It might come as a surprise to learn that a loved one was exposed to asbestos during their time of service in one of the United States Military branches. For many veterans, this exposure remains unknown until they are diagnosed with an asbestos-related disease, like mesothelioma.
San Francisco Fleet Week is an annual public event that honors the contributions of the men and women of the United States Armed Forces while advancing cooperation and knowledge among civilian- and military-based Humanitarian Assistance personnel.
One of the first questions mesothelioma patients have after receiving a diagnosis is "How was I exposed to asbestos?" The fact is that many American citizens have been at risk for asbestos exposure throughout the years.
Have you been keeping up with the so-called FACT (Furthering Asbestos Claim Transparency) Act? Veterans, first responders, teachers, and many more are urging lawmakers to reject the bill that would require the sharing of private information of victims and their families.
If one of your loved ones is a veteran diagnosed with mesothelioma, chances are your time with them is running out. On average, mesothelioma victims are given one to two years to live after a mesothelioma diagnosis has been made. This is the time to do research that will help aid them in their last months with you.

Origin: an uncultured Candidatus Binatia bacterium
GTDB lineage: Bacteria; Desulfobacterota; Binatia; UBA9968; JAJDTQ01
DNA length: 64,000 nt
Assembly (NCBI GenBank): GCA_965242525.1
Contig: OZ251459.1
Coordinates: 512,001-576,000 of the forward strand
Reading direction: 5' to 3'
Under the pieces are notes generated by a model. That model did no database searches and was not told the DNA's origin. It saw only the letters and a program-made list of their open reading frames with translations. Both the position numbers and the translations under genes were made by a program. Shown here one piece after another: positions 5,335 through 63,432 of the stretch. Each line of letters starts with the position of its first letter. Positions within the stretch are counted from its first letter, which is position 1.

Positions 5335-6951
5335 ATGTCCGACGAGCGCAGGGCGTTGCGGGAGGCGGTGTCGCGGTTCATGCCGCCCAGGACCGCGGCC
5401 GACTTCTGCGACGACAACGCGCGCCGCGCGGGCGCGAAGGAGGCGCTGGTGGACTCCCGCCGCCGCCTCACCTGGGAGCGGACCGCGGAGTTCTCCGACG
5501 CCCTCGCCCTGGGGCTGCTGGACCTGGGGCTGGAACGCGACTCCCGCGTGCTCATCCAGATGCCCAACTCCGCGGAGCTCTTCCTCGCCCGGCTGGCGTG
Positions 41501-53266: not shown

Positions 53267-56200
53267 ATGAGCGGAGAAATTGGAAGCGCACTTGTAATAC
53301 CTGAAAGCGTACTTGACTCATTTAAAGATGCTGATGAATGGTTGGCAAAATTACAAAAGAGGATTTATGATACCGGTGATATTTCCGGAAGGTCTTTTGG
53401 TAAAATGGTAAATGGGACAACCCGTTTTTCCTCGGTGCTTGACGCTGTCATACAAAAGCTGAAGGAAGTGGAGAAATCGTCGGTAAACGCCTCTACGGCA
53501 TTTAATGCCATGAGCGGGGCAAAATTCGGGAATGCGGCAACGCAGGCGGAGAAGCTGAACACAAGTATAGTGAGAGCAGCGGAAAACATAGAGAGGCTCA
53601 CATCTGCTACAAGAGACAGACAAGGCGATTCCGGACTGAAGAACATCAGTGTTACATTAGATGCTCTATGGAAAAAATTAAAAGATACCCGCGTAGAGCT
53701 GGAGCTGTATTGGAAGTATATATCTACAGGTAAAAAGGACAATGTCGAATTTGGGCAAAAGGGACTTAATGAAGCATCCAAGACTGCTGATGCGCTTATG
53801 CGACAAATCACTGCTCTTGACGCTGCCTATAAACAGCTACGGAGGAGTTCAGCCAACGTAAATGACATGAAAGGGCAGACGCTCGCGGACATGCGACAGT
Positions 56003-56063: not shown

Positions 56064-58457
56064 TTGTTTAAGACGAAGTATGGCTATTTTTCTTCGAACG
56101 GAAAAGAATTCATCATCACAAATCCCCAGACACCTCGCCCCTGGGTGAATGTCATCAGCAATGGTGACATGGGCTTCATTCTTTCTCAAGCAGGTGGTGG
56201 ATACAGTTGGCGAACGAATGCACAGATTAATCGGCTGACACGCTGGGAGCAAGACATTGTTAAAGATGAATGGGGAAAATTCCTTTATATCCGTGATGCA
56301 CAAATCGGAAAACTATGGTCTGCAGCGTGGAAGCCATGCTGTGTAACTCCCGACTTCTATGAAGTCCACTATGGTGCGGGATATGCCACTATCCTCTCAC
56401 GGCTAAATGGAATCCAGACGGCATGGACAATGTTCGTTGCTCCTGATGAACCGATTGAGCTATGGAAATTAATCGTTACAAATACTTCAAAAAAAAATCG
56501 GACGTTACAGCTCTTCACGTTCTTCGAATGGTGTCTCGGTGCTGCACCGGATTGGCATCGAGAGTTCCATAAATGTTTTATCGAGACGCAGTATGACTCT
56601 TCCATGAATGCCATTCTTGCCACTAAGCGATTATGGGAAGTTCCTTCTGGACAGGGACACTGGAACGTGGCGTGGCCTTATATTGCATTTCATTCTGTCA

Many veterans find themselves in need of assistance after their time of service. The U.S. Department of Veterans Affairs (VA) is a common resource available to veterans. The VA can provide different benefits including disability compensation, pension, healthcare, and more.
Did you know that United States Air Force veterans are some of those most likely to be diagnosed with an asbestos-related disease in their lifetime? This is because of the extensive use of asbestos within the military.
Are you a United States military veteran? If so, you are at risk for developing an asbestos-related disease in your lifetime, due to exposure during your time of service. Every branch of the military utilized asbestos in one way or another, and veterans are some of those most at risk for diseases like mesothelioma.
Asbestos was once considered to be a "miracle mineral" by the United States military. This is because it was an affordable building material for ships, vehicles, barracks, and more. It also had great insulating and fireproofing qualities. It was used extensively within all military branches, including the Army, up until the late 1970s.